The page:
Wednesday, December 30, 2020

Pandemic pasta proofs

There is a fabulous investigative piece on the bucatini shortage (did you notice?) by Rachel Handler in Grub Street. It's a great read.

Bucatini gets its name from the Italian for hole, buco. It's basically spaghetti with a hole drilled through it. (That's not actually how it's made, I realize. It's extruded with the hole built in, but I am enjoying the image of special drill bits hollowing out thick spaghetti and given the pandemic, I'm letting my imagination run rampant, since I can't.) Anyway, Handler suggests the appeal of bucatini is how much sauce each strand can take up, about 200% more she asserts than its thinner, topological genus zero counterpart, "due to math."

I wondered about that math, so I did it. The surface area of a cylinder is π x d x h. Where π  is π  (3.1415928....) and d is the diameter of the cylinder and h the height (not Planck's constant, the first thing. I think of when I see h in an equation). For a 260 mm length of bucatini with an outer diameter of 2.9 mm and an inner diameter of 0,8 mm, the surface area of the outside is 2370 mm2 and inside is 650 mm2. For the same length of spaghetti, it's 1570 mm2. So assuming the sauce penetrates to the center of the tube, the bucatini has 192% of the spaghetti's surface for sauce. Or about only about 100% more. Math!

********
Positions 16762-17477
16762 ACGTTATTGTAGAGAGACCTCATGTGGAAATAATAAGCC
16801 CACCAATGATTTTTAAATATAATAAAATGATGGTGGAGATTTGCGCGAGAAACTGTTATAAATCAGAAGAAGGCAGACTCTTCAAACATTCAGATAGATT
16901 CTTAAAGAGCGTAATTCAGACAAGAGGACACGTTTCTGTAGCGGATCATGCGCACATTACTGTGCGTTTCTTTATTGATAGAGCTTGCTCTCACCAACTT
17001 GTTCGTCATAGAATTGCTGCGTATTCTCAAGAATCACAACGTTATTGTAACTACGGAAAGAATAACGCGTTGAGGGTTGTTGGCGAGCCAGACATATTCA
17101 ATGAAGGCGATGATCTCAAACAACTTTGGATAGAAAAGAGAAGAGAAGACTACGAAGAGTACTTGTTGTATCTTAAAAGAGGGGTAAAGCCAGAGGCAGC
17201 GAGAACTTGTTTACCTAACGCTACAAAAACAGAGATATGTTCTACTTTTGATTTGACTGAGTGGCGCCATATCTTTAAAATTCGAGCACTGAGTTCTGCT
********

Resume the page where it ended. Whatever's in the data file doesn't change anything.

Now, of course, I want to know how much the sauce does penetrate down the center shaft. Will there be bucatini at the grocery store tomorrow? Stay tuned for further pandemic pasta proofs.

Photo is from Wikimedia by Popo le Chien and is used under a Creative Commons license.

Objects with a topological genus of zero have no holes in them, e.g. a solid sphere. Objects with one hole — bucatini, donuts and coffee mugs — are genus one. This is the source of the mathematical joke that to a topologist, a donut and a coffee mug are the same.